Being Young, Disabled and LGBT+
by Dr Alex Toft
23 Feb 2018
Young people have to work hard to make sense of who they are and where they fit in society. For young people who are disabled and identify as LGBT+ this is even more challenging as they work against a backdrop of societal misconceptions and prejudices. Furthermore, young people are rarely asked about their thoughts and experiences, often leading to decisions being made on their behalf.
Overprotecting disabled young people and not providing them with opportunities to learn about sex and relationships can actually place them in situations of risk. In our research we talked to young disabled people aged 16-25 years to try and understand the challenges faced and the strategies employed to mitigate such difficulties. Here we share our thoughts and the voices of young people in regards to three key challenges they face: societal perceptions which are often harmful and unhelpful, discrimination, and what support young people access.
Societal perceptions and their implications
‘…people don’t expect you to have that interest [in sex and relationships], and even if they did would presume that you’re straight because it’s not generally advertised that disabled people can be gay, they can be transgender, people are just blind to it.’ (Bridget, 18)
Young disabled LGBT+ people believe that people in society view them as not being sexual, particularly with regards to anything other than heterosexuality. This has a significant impact upon their lives, as they are being denied access to relationships and aspects of life that they have a fundamental right to.
There are also implications for education and how the young people learn about and access their rights, as they are consistently excluded from such information on the presumption that it is not for them due to having a disability. In removing or denying such education to young disabled people it could be argued that they are being placed in situations of heightened risk. Not receiving support and information from good sources, such as school, means they are often left to explore without guidance or knowledge of positive relationships.
Discrimination on a number of levels
In light of such misconceptions and prejudices, the young people faced considerable discrimination and abuse:
‘I have tried suicide because that is how much it affects me. Because I have been getting quite a bit of abuse about it as well. I have been called a tranny, I’ve been told to slit my throat, slit my wrists, nobody wanted me here. I’ve been beat up a few times as well’. (Abigail, 19)
Such stories are common and represent a situation where individuals are discriminated against on a number of levels. Young people can feel isolated because of their disability and targeted because of their sexuality.
There are also more tacit forms of discrimination and abuse that occur. For example, being young and LGBT+ has been presented as being a ‘phase’ or a result of the young people’s disability. This is an example of how the validity of young people’s identities is undermined; leading to situations where young people felt that they had to hide who they are based upon the situations they found themselves in. Due to people not understanding, or being willing to understand, the young people felt it was often safer not to disclose their sexuality and/or their disability.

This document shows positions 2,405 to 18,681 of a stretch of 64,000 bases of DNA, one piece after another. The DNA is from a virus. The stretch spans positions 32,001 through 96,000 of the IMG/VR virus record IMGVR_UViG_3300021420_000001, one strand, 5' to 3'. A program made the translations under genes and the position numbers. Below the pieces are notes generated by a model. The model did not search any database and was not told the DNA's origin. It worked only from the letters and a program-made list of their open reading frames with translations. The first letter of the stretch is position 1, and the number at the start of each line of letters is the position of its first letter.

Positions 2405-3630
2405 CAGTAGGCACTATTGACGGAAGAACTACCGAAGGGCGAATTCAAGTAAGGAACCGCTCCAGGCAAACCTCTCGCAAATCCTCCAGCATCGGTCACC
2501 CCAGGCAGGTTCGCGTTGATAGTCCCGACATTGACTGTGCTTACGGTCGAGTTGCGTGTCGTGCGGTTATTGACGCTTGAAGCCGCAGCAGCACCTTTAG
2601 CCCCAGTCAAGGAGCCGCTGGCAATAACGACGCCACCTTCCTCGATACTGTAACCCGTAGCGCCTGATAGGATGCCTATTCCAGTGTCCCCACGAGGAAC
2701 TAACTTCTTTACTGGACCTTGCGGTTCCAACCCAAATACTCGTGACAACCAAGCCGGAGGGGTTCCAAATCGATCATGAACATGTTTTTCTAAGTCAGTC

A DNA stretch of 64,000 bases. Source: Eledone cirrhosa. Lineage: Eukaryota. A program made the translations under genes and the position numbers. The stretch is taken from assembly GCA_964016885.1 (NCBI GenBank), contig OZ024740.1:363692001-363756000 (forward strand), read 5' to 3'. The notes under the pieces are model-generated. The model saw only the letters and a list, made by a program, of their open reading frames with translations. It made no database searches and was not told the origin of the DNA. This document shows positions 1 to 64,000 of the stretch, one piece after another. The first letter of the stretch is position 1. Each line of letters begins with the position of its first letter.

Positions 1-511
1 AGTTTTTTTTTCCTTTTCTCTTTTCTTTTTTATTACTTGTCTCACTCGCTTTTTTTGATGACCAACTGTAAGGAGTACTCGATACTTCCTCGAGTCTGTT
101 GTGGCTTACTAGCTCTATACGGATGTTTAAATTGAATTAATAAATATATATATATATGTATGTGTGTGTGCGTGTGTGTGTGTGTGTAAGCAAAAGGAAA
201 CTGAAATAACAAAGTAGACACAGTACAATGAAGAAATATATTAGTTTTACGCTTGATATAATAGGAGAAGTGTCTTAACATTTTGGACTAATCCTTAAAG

How young people can be supported
The support and information that young disabled LGBT+ people access about sex and relationships is inconsistent and insufficient, with many young people receiving basic biological education and rarely information about LGBT+ and relationships. It is clear that facilitated social groups and online communities can offer ‘safe spaces’ to explore issues surrounding sexuality and relationships.
Promising practices and initiatives such as the work of the x2y group in Wolverhampton do exist, offering peer support, education and a relevant network for young people, although such services are rare. Such a group also acts as an enabling space for young people to meet:
‘I don’t know where I would be without all of my LGBT and disabled friends…we have a lot of discussions about sexuality, we have good discussions about sexuality, so yeah it’s really good to have other LGBT, and you know, autistic friends to support me.’ (Edith, 21)
A need for consistent support and information about sex and relationships
This is the first study of its kind to give a voice to those who are young, disabled and LGBT+. Our work is on-going and we will be sharing preliminary findings as part of a British Academy Research Spotlight event. Initial findings suggest that the needs of young disabled LGBT+ people are not even being recognised let alone met. Their views need to be central to future research, policy and support.
There needs to be consistency in the support and information they receive about sex and relationships. Societal perceptions mean that daily life is challenging for the young people who have to construct intricate strategies to manage their identity. Although recent assurances have been given for equality in Sex and Relationship Education the details of how this is to be achieved is unclear.
Names and identifying details have been changed to protect the privacy of individuals.
Dr Alex Toft (Principal Investigator) is a Research Fellow in the Centre for Innovative Research Across the Life-Course (CIRAL) at Coventry University. Together with Dr. Anita Franklin and Emma Langley, Coventry University have been funded by a British Academy/Leverhulme Small Research Grant to explore the experience of young disabled LGBT+ 16-25 year olds, particularly in terms of identity, rights and education needs.
British Academy Charlie Mock